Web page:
An enormously witty dark comedy about a hit man, Grosse Pointe Blank follows the homicidal exploits of killer-for-hire Martin Blank, played by John Cusack, as he combines his latest assignment with a tenth anniversary high school reunion, stalked all the way by a rival assassin, a couple of CIA spooks, and a business competitor acted delightfully by Dan Aykroyd (who’s clearly having a ball with the role). Martin’s walking down the familiar hallways of his alma mater and having a nostalgic moment in front of his old locker when one of his antagonists, an extremely nasty character of indeterminate European extraction, finally catches up with him.
The average viewer probably doesn’t associate Cusack with Van Damme-level physical prowess, but in fact he’s an expert martial artist with a sixth-degree black belt in Ukidokan kick-boxing, and that’s actually his long-time instructor, a guy named Benny (The Jet) Urquidez – himself a full contact karate champion, on-screen sparring partner to Jackie Chan, and every inch the dangerous badass he appears to be – who’s going at it with him hammer and tongs. Thus the utter credibility with which these two very quickly beat the living beJesus out of each other, trading, so the story goes, a few actual blows to heighten the reality.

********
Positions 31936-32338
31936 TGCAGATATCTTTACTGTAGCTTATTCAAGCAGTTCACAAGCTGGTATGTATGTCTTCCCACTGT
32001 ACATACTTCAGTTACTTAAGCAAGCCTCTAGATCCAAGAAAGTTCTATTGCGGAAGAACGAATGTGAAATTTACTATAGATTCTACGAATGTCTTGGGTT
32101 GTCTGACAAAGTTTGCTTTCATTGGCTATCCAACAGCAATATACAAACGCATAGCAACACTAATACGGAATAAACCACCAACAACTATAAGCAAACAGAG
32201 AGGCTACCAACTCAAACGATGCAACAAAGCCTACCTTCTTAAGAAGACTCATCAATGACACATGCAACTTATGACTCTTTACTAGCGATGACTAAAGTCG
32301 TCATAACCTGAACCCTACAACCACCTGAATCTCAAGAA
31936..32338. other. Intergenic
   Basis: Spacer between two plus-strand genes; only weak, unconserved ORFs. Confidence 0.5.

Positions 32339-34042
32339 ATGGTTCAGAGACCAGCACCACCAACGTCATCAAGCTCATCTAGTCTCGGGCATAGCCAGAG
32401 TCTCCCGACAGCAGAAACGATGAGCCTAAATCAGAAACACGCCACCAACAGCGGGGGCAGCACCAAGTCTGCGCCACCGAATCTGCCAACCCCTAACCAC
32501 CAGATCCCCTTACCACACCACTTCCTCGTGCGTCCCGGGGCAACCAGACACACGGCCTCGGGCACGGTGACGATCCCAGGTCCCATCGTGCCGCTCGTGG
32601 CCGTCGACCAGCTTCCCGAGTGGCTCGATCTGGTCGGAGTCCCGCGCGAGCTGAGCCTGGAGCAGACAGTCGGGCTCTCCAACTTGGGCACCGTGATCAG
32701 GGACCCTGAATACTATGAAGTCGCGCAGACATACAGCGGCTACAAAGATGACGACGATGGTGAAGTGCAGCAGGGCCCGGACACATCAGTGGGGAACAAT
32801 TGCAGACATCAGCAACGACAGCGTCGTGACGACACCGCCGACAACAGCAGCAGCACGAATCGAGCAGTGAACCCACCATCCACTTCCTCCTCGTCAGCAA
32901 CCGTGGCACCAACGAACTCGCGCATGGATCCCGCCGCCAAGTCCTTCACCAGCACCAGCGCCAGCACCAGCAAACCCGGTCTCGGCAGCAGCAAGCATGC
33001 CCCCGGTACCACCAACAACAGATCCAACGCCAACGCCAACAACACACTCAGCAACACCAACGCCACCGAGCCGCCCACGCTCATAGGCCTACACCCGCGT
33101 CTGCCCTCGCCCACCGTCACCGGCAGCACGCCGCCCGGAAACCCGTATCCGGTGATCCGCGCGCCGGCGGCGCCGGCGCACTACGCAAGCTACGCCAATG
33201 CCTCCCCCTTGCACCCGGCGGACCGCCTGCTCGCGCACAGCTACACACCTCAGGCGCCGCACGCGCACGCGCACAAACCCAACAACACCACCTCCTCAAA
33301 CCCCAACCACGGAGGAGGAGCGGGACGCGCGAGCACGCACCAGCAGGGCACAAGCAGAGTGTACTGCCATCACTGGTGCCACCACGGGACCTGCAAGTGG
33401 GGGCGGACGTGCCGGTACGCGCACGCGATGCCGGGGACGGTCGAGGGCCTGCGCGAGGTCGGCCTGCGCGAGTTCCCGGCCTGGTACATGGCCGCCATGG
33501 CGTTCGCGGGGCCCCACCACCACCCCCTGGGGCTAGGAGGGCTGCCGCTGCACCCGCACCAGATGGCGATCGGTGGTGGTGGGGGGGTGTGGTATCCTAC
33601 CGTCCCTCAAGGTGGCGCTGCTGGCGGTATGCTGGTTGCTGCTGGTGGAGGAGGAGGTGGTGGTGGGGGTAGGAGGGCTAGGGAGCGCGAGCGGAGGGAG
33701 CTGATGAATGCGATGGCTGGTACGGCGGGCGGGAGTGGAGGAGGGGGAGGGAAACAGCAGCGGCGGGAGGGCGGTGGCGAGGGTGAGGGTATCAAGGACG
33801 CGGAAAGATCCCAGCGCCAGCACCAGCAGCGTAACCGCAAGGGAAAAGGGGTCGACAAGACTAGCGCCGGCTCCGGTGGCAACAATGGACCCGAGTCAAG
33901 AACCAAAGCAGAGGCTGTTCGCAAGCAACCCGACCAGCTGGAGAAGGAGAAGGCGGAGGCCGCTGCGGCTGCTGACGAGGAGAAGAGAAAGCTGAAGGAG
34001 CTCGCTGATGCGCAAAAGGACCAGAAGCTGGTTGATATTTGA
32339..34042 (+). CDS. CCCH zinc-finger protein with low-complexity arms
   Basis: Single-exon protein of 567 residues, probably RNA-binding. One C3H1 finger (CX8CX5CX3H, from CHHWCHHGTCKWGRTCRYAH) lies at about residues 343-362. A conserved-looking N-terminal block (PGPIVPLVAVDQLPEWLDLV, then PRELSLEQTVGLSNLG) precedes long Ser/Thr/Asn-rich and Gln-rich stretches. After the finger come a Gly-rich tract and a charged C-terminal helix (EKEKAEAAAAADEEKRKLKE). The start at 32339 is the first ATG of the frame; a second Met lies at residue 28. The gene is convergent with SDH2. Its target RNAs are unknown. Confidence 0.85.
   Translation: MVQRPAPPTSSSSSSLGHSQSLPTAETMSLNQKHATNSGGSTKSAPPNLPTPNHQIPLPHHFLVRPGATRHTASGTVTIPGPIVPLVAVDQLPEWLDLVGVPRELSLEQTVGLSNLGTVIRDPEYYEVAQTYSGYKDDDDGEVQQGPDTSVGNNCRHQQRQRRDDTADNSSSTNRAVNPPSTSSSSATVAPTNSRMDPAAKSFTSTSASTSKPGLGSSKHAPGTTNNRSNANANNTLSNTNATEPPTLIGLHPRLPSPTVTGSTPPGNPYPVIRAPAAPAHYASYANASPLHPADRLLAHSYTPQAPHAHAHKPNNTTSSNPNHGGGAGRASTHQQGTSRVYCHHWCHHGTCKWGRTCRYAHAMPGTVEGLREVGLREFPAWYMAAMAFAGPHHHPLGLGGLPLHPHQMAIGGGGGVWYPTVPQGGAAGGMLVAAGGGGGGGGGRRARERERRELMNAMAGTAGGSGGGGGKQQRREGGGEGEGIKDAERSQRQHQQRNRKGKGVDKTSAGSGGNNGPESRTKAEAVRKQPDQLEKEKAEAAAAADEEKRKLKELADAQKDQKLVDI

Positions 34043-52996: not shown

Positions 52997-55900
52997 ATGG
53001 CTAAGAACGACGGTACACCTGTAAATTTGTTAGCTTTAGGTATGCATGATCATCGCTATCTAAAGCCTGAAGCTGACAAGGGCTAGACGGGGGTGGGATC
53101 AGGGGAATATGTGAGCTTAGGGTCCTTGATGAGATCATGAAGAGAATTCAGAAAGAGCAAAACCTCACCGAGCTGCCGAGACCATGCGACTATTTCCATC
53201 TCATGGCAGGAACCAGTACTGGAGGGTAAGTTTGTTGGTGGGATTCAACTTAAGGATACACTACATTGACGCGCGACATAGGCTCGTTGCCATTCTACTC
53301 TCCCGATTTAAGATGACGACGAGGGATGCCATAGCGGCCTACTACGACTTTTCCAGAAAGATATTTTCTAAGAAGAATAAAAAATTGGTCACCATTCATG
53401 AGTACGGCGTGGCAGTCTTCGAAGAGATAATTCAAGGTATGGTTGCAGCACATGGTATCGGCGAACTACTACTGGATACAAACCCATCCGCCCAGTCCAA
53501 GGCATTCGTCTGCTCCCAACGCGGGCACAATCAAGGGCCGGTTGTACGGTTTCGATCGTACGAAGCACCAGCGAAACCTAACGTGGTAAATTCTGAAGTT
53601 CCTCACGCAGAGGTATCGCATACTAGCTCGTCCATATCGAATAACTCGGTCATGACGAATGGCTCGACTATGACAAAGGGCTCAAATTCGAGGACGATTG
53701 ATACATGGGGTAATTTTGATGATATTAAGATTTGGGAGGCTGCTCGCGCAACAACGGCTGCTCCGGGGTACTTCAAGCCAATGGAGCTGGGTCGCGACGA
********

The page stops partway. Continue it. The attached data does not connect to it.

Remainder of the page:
It’s rare that a film pulls off such a shocking, sudden, adrenalized change of pace, switching in the wink of an eye from light comedy to deadly-serious mortal combat, almost literally pulling no punches, the effect of which is mightily enhanced by the inspired soundtrack choice of the English Beat’s spooky, frenetic Mirror in the Bathroom, echoing from downstairs at the reunion dance. It’s at once frightening and exhilarating, and highlights the complete incongruity of the various worlds in which Blank operates. One minute he’s wooing his former high school sweetheart to the strains of the golden oldies, the next he’s dispatching his would-be killer with a ballpoint pen to the carotid.